Join our online discussion on President Bush's proposed federal grants to religious groups.
By Walter Wright
Advertiser Staff Writer
Hawaiis church-related social service programs yesterday gave President Bushs offer of federal support to "faith-based" organizations varying responses, while it raised eyebrows among civil liberties advocates.
While the Church of Jesus Christ of Latter-Day Saints has never accepted federal money, LDS Family Services Agency Director Sally Okura Lee said yesterday, "we are thrilled with our new presidents ideas for social reform.
"It is vital that moral, upright selfless people lead programs to help others and lift up lives," Lee said.
Catholic Charities director Jerry Rauckhorst said more federal money is always welcome, but if money is shifted from existing government programs such as Food Stamps "that would really erode the safety net."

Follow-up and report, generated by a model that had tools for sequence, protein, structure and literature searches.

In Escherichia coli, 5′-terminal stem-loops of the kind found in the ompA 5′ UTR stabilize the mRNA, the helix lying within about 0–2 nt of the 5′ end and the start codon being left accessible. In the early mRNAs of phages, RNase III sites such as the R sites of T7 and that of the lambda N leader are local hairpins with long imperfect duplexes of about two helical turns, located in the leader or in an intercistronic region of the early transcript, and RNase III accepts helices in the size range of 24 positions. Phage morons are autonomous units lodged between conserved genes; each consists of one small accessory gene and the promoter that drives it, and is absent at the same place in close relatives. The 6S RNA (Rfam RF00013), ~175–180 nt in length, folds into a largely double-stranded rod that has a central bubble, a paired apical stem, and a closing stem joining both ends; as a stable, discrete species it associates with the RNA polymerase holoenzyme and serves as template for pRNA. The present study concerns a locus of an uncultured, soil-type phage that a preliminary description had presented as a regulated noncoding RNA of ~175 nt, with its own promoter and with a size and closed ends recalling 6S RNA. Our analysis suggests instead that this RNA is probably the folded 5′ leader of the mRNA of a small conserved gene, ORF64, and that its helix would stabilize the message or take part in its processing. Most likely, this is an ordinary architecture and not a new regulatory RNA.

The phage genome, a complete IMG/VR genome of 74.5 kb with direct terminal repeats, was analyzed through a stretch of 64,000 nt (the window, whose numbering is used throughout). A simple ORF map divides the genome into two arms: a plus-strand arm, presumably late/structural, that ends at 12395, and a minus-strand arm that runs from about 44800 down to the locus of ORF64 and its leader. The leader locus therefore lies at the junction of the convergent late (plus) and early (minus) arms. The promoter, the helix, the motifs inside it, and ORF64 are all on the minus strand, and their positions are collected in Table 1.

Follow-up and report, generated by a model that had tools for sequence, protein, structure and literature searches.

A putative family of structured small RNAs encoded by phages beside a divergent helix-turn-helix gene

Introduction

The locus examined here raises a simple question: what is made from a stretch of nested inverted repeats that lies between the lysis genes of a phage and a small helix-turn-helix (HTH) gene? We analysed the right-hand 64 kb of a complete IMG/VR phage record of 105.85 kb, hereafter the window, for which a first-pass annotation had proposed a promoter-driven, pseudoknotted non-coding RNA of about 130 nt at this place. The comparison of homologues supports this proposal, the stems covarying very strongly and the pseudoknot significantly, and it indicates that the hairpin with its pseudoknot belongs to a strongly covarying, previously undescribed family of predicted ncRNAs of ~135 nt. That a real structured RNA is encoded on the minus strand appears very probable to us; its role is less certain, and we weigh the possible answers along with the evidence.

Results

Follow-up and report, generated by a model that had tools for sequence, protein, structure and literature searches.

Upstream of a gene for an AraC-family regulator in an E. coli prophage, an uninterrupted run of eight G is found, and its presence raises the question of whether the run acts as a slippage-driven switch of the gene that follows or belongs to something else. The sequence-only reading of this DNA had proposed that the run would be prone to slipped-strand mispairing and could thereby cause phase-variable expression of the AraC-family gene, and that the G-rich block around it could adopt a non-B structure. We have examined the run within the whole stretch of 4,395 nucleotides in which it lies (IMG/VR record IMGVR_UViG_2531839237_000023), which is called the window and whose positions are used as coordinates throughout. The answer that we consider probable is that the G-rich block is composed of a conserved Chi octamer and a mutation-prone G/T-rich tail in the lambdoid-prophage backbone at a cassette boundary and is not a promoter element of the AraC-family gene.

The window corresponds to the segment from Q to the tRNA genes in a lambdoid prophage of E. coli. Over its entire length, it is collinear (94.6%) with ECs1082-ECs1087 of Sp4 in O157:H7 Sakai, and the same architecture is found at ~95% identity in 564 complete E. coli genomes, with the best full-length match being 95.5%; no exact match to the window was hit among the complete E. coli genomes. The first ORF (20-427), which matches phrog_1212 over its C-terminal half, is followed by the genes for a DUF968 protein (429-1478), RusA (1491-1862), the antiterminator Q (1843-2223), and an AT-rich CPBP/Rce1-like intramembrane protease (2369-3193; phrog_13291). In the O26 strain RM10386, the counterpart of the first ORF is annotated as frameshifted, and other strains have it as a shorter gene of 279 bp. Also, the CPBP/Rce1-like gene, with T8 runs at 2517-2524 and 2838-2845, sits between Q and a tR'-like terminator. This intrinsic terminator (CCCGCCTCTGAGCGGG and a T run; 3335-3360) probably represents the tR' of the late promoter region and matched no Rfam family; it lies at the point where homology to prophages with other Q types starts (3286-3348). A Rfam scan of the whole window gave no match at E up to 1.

And he said many faith-based organizations are "more like an extension of church." "We are related to the Catholic Church, no question about that, but we are organized as a nonprofit organization, with all of the accountabilities that come with that."
George Harris, "city missionary" for Central Union Church, warned that "one problem that Bush is going to get into is that although the religious right may be behind this, once you open the door all sorts of people are going to apply for the money, everybody that comes forward and says, I am a church. "
And, Harris said, "if I had any alternative than to go for federal money, I would do it, because it (federal money) is just a mess to deal with" in terms of paperwork, and may get a lot messier if the church-state debate begins to rage.
Brent White, ACLU of Hawaiis legal director, condemned Bushs move.
"I think its a very dangerous idea," he said. "On its face, it violates the principle of separation of church and state.
"Giving money to a religious organization, is in effect subsidizing the proselytizing function that most religious organizations have."
[back to top]